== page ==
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Is My Future Okay?
I’d like an honest opinion from the smart Dividend Gurus and Retirement Experts on CommonStock.

Based on this information, am I at a good standpoint for my future if I keep pushing?

  • 24 y/o
  • Engaged and no kids (2 dachshunds that are basically like kids)
  • Brokerage of $9.2k
  • IRA of $2.1k
  • Work 401k around $4.2k

I see many posts giving a multitude of different numbers and statistics, and want to know from the people that have been through this already what they’re thoughts are.

Conor Mac's avatar
Conor Mac
@investmenttalkMay 12
Jealous of your dogs!

I would say yes, because you are 24 and you are already caring about these things. You have the mindset, the rest will take care of itself. It's easy to get disheartened by other people posting things that make it appear like they are "ahead" of you. Life isn't a race, gotta slow down to enjoy the moments between point A and B.

There will always be someone doing better than you, and there will always be someone doing worse. Focus on yourself, your family, and your dogs, and you'll be just fine.
AverageInvestor's avatar
@averageinvestorMay 12
The goal that I’ve read is to aim for 10-15% of your income towards retirement. That number will ebb and flow based upon life’s circumstances, but serves as a great goal.

The big things are to figure out what type of life do you want to live in retirement, and what age you want to retire, and then work backwards from there. Living in certain parts of the country will be cheaper than others. Luxury trips and a vacation home will impact that final number. The key is to keep putting money away, even during the tough times.

Compounding interest is your best friend right now.
Nathan Worden's avatar
Nathan Worden
@nathanwordenMay 12
Yes, that's a great start— keep up the great work and keep building on that foundation.

One other element is— do you mind sharing how much debt you have? (Student debt, credit card, card payments, or otherwise?)

Thanks for the transparency! I can't tell you how much that trait puts you ahead as well. A lot of people don't want to talk actual numbers because they'd prefer to ignore them— and what you ignore does not improve. Overall, I think even more than the amount you have right now is the direction you're going in. Are you saving a significant portion of your income every month?

You've got long enough of a time horizon that direction will matter a lot more than current location. To use a travel analogy, if you're in LA and you want to get to New York, you might think that you're farther away than someone in Omaha. But if you're moving towards New York while the person in Omaha is moving towards Mexico, it's only a matter of time before you overtake them.

The fact that you're on Commonstock and you're asking questions like this tells me you're heading in the right direction, which is great.
Corey's avatar
@klakodileMay 12Author
@nathanworden Absolutely!

Debt wise this is where I’m at:

Student Loans: Roughly $6k
Credit Card: $900 (Kinda splurged on traveling recently 😬)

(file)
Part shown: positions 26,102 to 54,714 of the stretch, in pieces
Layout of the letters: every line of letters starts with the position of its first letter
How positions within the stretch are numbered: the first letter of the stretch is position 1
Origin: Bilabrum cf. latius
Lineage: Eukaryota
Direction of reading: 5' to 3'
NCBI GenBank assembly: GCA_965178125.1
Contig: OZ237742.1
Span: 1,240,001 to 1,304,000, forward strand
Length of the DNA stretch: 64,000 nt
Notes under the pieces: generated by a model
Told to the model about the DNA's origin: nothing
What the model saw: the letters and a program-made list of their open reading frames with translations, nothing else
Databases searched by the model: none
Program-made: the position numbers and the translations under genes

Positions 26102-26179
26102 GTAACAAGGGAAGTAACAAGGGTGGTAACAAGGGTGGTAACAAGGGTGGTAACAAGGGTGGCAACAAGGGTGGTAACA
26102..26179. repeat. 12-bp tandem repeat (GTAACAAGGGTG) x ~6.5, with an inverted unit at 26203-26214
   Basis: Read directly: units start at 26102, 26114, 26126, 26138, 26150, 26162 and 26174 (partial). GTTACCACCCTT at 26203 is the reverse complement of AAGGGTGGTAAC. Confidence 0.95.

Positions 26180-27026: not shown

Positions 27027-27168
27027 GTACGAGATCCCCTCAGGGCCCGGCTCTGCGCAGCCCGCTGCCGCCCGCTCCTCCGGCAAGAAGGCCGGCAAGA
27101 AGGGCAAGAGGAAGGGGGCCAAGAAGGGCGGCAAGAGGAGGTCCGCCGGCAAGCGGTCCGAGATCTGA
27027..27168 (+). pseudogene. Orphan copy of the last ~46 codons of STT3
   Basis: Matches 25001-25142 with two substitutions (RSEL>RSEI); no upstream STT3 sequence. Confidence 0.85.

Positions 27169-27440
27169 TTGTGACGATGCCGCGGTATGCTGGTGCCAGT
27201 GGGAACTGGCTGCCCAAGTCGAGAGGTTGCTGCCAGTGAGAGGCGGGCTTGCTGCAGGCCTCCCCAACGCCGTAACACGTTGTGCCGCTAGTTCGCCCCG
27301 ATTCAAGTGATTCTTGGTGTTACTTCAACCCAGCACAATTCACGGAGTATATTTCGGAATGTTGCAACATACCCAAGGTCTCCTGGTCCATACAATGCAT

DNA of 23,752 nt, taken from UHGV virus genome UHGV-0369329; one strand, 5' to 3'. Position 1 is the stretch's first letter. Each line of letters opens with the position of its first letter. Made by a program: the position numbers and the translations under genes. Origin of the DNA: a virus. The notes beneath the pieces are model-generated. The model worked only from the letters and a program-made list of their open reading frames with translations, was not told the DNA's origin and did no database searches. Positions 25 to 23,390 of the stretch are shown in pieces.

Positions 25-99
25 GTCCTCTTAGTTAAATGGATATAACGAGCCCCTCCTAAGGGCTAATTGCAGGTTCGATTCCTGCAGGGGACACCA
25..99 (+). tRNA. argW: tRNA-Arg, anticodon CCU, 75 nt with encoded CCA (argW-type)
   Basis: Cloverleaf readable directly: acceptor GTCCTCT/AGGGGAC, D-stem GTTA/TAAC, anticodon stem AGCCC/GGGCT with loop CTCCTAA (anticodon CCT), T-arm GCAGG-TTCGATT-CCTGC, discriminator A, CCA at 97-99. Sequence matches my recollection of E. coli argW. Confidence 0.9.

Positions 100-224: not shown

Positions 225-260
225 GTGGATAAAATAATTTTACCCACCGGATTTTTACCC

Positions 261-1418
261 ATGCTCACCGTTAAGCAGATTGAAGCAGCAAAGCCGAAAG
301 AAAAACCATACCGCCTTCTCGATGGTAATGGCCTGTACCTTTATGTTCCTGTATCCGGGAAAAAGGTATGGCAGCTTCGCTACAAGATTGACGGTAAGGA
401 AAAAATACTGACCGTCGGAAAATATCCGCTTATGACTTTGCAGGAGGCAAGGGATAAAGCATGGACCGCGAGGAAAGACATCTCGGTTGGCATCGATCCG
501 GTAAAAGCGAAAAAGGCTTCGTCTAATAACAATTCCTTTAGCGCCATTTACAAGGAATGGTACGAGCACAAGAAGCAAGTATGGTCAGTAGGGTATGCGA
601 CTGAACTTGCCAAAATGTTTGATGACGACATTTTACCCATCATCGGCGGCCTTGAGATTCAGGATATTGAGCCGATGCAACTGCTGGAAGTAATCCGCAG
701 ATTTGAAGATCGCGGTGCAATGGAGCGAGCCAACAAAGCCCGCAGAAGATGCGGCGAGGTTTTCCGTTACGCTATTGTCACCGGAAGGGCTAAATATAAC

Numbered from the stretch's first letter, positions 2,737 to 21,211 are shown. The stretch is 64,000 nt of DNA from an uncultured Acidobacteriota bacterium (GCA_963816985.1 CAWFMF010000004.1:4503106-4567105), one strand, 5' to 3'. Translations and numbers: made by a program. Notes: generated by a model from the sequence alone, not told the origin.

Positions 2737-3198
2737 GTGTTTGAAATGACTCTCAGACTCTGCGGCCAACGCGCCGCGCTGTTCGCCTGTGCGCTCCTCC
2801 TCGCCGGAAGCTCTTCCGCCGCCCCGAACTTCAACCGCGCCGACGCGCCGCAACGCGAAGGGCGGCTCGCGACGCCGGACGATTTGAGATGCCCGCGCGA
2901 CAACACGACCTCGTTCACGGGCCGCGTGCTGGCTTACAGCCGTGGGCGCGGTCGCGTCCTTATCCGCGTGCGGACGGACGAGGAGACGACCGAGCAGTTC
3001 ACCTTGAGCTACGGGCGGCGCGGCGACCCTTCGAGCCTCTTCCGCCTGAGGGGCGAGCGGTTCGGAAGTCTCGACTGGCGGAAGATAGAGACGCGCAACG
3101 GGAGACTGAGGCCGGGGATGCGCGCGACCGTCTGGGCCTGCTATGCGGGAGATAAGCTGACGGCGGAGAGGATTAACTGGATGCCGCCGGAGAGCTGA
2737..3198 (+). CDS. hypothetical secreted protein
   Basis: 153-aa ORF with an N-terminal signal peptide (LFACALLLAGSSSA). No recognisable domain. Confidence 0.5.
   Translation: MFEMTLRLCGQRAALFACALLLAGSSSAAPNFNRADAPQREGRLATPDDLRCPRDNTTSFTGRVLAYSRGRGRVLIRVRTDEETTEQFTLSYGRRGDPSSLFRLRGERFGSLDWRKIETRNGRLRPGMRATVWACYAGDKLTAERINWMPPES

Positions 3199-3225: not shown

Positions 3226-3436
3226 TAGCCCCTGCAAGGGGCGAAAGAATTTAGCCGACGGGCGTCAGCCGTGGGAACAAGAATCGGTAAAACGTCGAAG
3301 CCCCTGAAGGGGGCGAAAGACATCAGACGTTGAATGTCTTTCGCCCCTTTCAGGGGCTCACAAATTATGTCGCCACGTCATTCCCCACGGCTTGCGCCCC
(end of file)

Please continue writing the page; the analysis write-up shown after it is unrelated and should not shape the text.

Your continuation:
Vehicle: $29k
Misc. (Engagement Ring, TV, etc.): $2.5k

Currently my biggest focuses are trying to completely eliminate that “Misc.” category while still putting money aside (savings, investments). With how much I’m doing towards those, that category should be gone in roughly a few months.

Nathan Worden's avatar
Nathan Worden
@nathanwordenMay 12
@klakodile yeah I’d still say doing great. I agree the Misc. category is a good one to go after first. It will be interesting to see what happens with student loan forgiveness, but either way your balance isn’t nearly as crazy as many others out of college.
Andy Buchanan's avatar
Andy Buchanan
@andybuchananMay 12
You're killing it with that portfolio. Keep investing like this and you're doing great for your age.
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Jazzi Young's avatar
Jazzi Young
@jazziyoungMay 12
Your future is bright because you started.
At your age, don't underestimate how much of an achievement it is to JUST GET STARTED.
I have friends I knew in my 20s who never got started. They talked about getting started, but never did because life just got in the way. It's easy to just put it off when you're young, but life comes at you fast. Blink and you're into your 40s and that financial freedom hill you need to climb gets so much steeper.
Don't worry about comparing your balance to others or falling behind investors you might see on social media. Pay no attention to that, you're on your own path. You can secure a very bright future by building up "patient capital". You get rewarded for consistency of process.
Investors tend to obsess over returns, but the biggest determinant of your wealth is really going to be how much you invest and how early you do it. Compounding takes a really long time to build up momentum, but once it gets going it's really life changing.
Frame your investment as "patient capital", value the process, stay the course, ignore all the "make money fast" racquets and enjoy the humble journey. The rewards will come. Slow wealth tends to be sustainable wealth. Fast wealth tends to get lost.
Nathan Worden's avatar
Nathan Worden
@nathanwordenMay 12
@jazziyoung great advice right here
Dissecting the Markets's avatar
Dissecting the Markets
@dissectmarketsMay 13
You're phenomenal. The phenomenalness of your life is well beyond the finance side. You're engaged to the love of your life at 24, which is amazing! Many people don't even find the love of their life until they're 30 or older so kudos to you.
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